American Victory Museum
From Manila Bay to Tampa Bay: Seven Decades of American Victory
The ship’s voyage from thirty years of war service to a historic preservation site reached a crescendo on September 23, 2003 when the steam turbine engines were restarted for the first time since 1985 and SS American Victory set sail for her first of many Relive History cruises. Over 400 Tampa residents cruised on American Victory’s decks to Skyway Bridge with a restored Navy T-38 Trojan fighter plane from 1949 as escort. After four years and four days of restoration totaling 80,000 donated volunteer hours from skilled engineers, electricians, welders, fabricators, paint and rust-remediation experts, and experience mariners, American Victory joined the small fleet of four WWII-era ships restored to working order.
And the restoration never ends. Almost one million volunteer hours since 1998 has gone into the continuing restoration of this small piece of American history. The ship’s history is obscure yet the story of the Victory ships and American war production during World War II includes the history of women in the work force, the mobilization of the Home Front, and America’s involvement in international humanitarian relief efforts. American Victory was built to participate in Operation Downfall, the land invasion of Japan called off after the Emperor’s surrender. The ship’s U.S. Merchant Marine crew spent the first five months after the war moving cargo around Southeast Asia with ports-of-call in Manila Bay (Philippines), the Port of Shanghai (China), and the Port of Calcutta (India) before making its way to New York City on Feb. 4th, 1946. The American Victory Museum is a U.S. military memorial with a particular focus on the 8,651 Merchant Mariners and 733 ships lost during WWII. The casualty rate for the U.S. Merchant Marine was one-in-24, the highest of any service.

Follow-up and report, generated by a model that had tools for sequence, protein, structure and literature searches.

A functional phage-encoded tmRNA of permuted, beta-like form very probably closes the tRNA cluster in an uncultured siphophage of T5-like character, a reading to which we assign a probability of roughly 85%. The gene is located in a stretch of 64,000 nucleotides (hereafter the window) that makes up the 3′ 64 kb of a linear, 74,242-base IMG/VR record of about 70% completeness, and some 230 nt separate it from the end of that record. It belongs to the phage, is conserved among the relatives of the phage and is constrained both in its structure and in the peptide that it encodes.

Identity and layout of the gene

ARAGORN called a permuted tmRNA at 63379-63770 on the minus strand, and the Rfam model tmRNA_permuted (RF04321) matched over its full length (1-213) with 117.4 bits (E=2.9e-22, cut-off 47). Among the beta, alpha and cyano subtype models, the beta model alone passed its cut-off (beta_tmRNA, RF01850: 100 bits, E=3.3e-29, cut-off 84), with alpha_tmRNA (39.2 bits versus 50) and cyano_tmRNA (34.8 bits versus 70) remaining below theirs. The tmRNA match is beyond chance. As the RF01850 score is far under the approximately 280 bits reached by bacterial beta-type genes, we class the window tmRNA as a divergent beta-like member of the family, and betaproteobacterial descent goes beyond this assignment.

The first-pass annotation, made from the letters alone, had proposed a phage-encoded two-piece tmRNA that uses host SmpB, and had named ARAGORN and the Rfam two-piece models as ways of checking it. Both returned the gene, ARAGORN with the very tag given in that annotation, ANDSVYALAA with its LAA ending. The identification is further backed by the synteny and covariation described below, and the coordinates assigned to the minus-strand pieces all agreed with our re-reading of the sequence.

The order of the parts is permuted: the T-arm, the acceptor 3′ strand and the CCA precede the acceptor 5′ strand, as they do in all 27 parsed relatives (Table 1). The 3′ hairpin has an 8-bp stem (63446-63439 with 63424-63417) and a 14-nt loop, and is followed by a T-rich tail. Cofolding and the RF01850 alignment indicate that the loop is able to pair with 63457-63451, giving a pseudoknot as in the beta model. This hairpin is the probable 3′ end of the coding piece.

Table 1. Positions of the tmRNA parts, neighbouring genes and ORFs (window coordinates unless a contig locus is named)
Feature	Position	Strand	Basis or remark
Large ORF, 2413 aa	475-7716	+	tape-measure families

Constructed in just 55 days at California Ship in San Pedro, CA, American Victory (Hull # 792) was named after American University in Washington, D.C. for the college’s contributions to the war efforts in the First World War and WWII. At this late point in the war in April/May 1945, over 90% of the workforce that built American Victory were women as most of the nation’s fighting-age men were deployed. ‘Rosie the Riveter’ and ‘Wanda the Welder’ became American icons utilized by U.S. Government to bolster factory employment numbers among American women of all races, ages, and economic classes. The Port of Tampa’s historical World War II production docks hired thousands of these ‘Rosies’ and ‘Wandas’ to build thousands of ships and submarines for the war effort (those docks can be seen from the port bow of the American Victory). Today, Rosie the Riveter has become a symbol of female empowerment and is a multi-generational American icon for women in the work place.
The work on American Victory continues today not just in the preservation of a 72-year-old cargo ship, but also as an educational resource and a center for historical research. The museum hosts several guided tours a week, including public, private, and charter schools K-12, and presents a platform for local university museum studies students to learn their craft.